A new phenomenon was observed when examining the morphology of polystyrene-b-poly(metyl acrylate) (PS-PMA) copolymers that had been synthesized using activators regenerated by electron transfer (ARGET) for atom transfer radical polymerization (ATRP). It was observed that the polydispersity of the PMA block could be varied by adjusting the amount of copper catalyst in ARGET ATRP. The resulting broader molecular weight distributions were found to be approximately symmetrical. A hexagonally perforated lamellar (HPL) morphology was observed for a polydisperse PS-PMA copolymer when the block copolymer contained ~35 vol % of PMA after short- and long-term solvent-casting conditions.(4)
No order-order transitions were observed at elevated temperature or after prolonged thermal annealing. The stabilization of the HPL morphology, a morphology that is considered to be metastable in narrow-disperse diblock copolymers as well as diblock copolymers with selective block polydispersity given by a Schulz-Zimm distribution-suggests that the skewness of the distribution of block molecular weight is an important parameter for the structure selection during the microphase separation process. In particular, the results indicate that near-symetrical block molecular weight distributions (as realized by the ARGET ATRP technique) facilitate the stabilization of microdomain morphologies with increased standard deviation of mean curvature. The results point to the relevance of controlling both the width and symmetry of molecular weight distribution as a potential route toward the tailored synthesis of nonregular microstructures with particular topological properties that might be of future technological interest such as membranes.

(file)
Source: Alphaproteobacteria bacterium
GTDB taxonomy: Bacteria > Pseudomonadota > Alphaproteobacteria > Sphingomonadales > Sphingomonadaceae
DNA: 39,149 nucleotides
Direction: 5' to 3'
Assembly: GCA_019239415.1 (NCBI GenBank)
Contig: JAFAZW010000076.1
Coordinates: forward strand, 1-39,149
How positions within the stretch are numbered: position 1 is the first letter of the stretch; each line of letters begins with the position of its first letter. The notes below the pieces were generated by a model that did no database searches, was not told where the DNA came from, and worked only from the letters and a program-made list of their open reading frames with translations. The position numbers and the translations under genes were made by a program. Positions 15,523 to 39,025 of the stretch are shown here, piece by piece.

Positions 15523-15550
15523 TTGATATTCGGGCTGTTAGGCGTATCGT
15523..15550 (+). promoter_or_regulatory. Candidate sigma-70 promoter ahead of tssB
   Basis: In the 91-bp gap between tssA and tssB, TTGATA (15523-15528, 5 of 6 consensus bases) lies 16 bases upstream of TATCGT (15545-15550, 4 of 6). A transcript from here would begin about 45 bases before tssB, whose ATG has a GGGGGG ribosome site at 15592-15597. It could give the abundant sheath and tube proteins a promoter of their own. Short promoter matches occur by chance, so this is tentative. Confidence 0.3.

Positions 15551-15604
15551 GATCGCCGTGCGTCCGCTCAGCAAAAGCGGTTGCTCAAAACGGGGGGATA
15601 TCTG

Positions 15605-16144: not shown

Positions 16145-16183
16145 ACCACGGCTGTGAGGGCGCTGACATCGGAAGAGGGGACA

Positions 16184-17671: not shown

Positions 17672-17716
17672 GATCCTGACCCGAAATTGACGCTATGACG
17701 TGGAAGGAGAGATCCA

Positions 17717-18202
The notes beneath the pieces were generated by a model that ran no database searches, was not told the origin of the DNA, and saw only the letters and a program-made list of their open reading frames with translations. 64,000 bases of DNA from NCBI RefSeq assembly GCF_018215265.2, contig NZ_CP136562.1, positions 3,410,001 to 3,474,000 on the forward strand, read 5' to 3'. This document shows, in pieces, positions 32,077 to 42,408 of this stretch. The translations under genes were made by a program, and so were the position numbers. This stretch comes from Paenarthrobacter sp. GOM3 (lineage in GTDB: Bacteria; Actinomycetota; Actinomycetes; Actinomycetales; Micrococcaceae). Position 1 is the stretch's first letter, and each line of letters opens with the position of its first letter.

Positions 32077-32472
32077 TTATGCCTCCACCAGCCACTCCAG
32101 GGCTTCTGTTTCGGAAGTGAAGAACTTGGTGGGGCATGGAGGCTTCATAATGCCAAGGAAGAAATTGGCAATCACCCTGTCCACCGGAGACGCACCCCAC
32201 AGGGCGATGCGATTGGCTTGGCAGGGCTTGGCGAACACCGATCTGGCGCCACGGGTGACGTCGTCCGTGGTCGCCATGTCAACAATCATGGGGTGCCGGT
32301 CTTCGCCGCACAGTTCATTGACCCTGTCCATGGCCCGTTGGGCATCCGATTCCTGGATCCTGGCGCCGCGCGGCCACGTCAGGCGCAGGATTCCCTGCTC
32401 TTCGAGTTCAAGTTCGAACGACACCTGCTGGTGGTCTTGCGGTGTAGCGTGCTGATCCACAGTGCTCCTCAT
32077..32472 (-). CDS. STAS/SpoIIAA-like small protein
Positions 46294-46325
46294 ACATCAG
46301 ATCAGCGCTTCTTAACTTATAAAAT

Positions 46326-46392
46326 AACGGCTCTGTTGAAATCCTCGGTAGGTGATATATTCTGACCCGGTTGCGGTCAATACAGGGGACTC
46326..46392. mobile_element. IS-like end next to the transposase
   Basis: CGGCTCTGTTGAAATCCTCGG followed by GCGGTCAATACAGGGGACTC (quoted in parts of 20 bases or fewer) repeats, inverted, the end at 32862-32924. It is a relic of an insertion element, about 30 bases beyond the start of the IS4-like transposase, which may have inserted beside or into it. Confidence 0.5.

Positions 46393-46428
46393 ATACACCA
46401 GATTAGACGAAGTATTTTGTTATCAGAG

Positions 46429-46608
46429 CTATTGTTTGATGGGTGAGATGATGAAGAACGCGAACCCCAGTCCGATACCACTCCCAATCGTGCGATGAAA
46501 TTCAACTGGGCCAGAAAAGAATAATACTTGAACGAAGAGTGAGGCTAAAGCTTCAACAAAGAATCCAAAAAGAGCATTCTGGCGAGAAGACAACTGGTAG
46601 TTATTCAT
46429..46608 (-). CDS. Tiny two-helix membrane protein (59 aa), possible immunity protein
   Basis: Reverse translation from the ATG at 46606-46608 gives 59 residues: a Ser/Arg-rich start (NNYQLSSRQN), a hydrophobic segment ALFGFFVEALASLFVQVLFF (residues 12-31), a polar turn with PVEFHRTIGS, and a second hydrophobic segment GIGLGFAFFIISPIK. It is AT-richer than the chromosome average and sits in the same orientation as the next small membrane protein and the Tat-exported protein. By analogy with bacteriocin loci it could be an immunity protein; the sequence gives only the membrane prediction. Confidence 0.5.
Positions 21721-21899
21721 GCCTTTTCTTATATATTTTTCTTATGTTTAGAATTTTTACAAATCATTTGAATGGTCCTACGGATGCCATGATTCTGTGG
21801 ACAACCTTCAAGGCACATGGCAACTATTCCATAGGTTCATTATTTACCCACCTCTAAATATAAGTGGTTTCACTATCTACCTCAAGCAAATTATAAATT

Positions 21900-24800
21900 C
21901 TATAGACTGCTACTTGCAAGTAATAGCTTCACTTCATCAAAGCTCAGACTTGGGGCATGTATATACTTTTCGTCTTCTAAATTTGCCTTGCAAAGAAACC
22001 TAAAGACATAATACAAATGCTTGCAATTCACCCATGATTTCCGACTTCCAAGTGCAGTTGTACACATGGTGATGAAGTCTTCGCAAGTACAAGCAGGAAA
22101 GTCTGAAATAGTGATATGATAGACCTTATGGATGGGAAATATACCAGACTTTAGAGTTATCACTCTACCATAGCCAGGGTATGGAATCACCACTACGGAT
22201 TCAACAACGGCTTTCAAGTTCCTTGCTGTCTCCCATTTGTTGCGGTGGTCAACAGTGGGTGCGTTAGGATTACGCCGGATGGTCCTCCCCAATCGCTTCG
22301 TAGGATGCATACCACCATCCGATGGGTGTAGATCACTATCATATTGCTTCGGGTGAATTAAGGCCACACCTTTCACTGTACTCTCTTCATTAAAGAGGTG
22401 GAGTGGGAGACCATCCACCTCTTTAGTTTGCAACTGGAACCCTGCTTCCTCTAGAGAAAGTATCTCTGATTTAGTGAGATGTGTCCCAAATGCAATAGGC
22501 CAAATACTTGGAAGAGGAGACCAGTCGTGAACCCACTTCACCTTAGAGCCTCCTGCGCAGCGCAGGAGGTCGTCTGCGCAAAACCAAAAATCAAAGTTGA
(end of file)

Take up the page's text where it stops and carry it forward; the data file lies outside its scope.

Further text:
Multisegmented block copolymers were prepd. by the step-growth click coupling of well- defined block copolymers synthesized by ATRP).(5) In the following schematic a low molecular weight polystyrene was prepared from a difunctional initiators, Br-PS-Br then the bromo end groups were transformed to azido groups by simple nucleophilic substitution, and the resulting N3-PS-N3 was coupled by reaction with Pg2O in DMF with a CuBr catalyst.(6)